Brown bitter isn’t boring. it’s just a tad overfamiliar for a lot of people. Sometimes I like a good malty bitter and will avoid the Thornbridge pub at one end of the town where I live and go for a pint of Spire Chesterfield Bitter in the real ale pub at the other end of town instead. May be heresy to some “craft” beer fanboys but not I’m sure to everyone else.

  13. I’d be keen on a place like that. Serving different shades of the same color. Using different amounts of the exact same ingredients can give you distinctly different beers. Fiddle with the mash temperature and you can change things a bit more.

    It’s definitely a fun idea for me. Even among beer fans, those that should know better, too many are quick to discount simplicity.

  14. I have to say, I wouldn’t walk past this place. If they are well kept, I could see myself going along with a couple of friends. I did exactly that at Brewdog Camden today and had several fantastic beers (Jura Paradox from whisky barrels, Lost Dog from rum barrels,etc), but if I wanted to go to a bar and NOT talk about the beer in a slightly nerdy way, then the Brown Bitter Co sounds great.

  15. I can’t wrap my head around this.

    If Stone made a true British-style bitter—Maris Otter, EKGs, caramel heavy, 3.2% ABV, cask conditioned—the whole kit-and-kaboodle, sent it to the U.K., would that be exceptable? Would a place like The Brown Bitter serve it?

    I am truly dumbstruck by the obstinate nature of some U.K. beer drinkers. Turkey sadwiches are good, but sometimes I want roast beef. If you don’t like tangerine-flavored hop juice, order a Pedigree, and if you don’t like “boring” brown bitter, order a Victory Hop Wallop. Where does this absolutism come from?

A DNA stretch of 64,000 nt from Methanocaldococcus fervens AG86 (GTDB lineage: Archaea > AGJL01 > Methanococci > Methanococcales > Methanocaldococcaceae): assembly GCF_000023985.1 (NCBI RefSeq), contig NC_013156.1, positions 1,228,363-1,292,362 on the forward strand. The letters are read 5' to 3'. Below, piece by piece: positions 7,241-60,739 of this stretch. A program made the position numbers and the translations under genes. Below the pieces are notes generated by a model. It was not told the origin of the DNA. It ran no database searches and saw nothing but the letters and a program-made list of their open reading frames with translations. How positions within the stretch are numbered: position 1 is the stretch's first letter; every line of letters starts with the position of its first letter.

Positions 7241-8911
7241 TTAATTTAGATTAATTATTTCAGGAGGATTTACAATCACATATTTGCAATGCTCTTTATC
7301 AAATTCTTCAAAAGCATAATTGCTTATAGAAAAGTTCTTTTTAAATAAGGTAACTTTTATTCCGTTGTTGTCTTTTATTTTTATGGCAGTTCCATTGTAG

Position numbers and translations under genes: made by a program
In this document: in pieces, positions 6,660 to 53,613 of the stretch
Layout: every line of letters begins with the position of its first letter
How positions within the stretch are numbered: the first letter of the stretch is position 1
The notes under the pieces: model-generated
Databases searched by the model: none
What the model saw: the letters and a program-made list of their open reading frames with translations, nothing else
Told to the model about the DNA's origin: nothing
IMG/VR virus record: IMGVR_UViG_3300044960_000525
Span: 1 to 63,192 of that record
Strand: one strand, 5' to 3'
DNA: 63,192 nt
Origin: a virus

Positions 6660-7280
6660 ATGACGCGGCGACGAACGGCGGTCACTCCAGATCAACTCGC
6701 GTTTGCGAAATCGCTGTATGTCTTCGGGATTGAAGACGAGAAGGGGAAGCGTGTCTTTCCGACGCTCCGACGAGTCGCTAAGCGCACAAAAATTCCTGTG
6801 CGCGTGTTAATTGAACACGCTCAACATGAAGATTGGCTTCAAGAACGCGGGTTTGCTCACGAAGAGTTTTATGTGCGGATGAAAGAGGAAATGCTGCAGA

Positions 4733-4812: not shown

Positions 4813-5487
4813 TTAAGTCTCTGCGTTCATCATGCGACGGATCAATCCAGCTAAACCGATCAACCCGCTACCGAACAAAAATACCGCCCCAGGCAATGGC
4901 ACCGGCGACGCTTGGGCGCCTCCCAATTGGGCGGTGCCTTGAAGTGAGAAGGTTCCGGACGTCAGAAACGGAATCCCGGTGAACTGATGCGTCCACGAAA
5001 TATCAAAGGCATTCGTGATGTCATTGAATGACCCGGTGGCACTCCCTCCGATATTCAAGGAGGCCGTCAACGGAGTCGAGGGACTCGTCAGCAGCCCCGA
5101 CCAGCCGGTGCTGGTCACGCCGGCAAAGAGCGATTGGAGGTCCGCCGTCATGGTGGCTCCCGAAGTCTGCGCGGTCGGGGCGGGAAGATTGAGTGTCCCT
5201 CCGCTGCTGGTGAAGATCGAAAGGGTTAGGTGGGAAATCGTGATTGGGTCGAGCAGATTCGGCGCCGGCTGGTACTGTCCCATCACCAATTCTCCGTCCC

16. would that be exceptable? Would a place like The Brown Bitter serve it?

    What makes you think it wouldn’t?

    Where does this absolutism come from?

    Where does your impression that there’s any absolutism around here at all come from?

    1. would that be exceptable? Would a place like The Brown Bitter serve it?

      What makes you think it wouldn’t?

      I don’t know, that’s why I asked.

      Where does this absolutism come from

      Where does your impression that there’s any absolutism around here at all come from?

      Really?

      Far be it from me to assume something about another culture, but British beer (not all British beer, mind you but a fair amount), especially on the consumer end, has presented itself to the rest of the world as fairly absolute.

      Just saying, that’s how it comes off.

      1. Allow me to clarify me position. The beer itself isn’t absolute—rather the drinkers attitude toward the beer, is what is absolute. The judgement seems to come not at the expense of the beer but rather the beer drinker.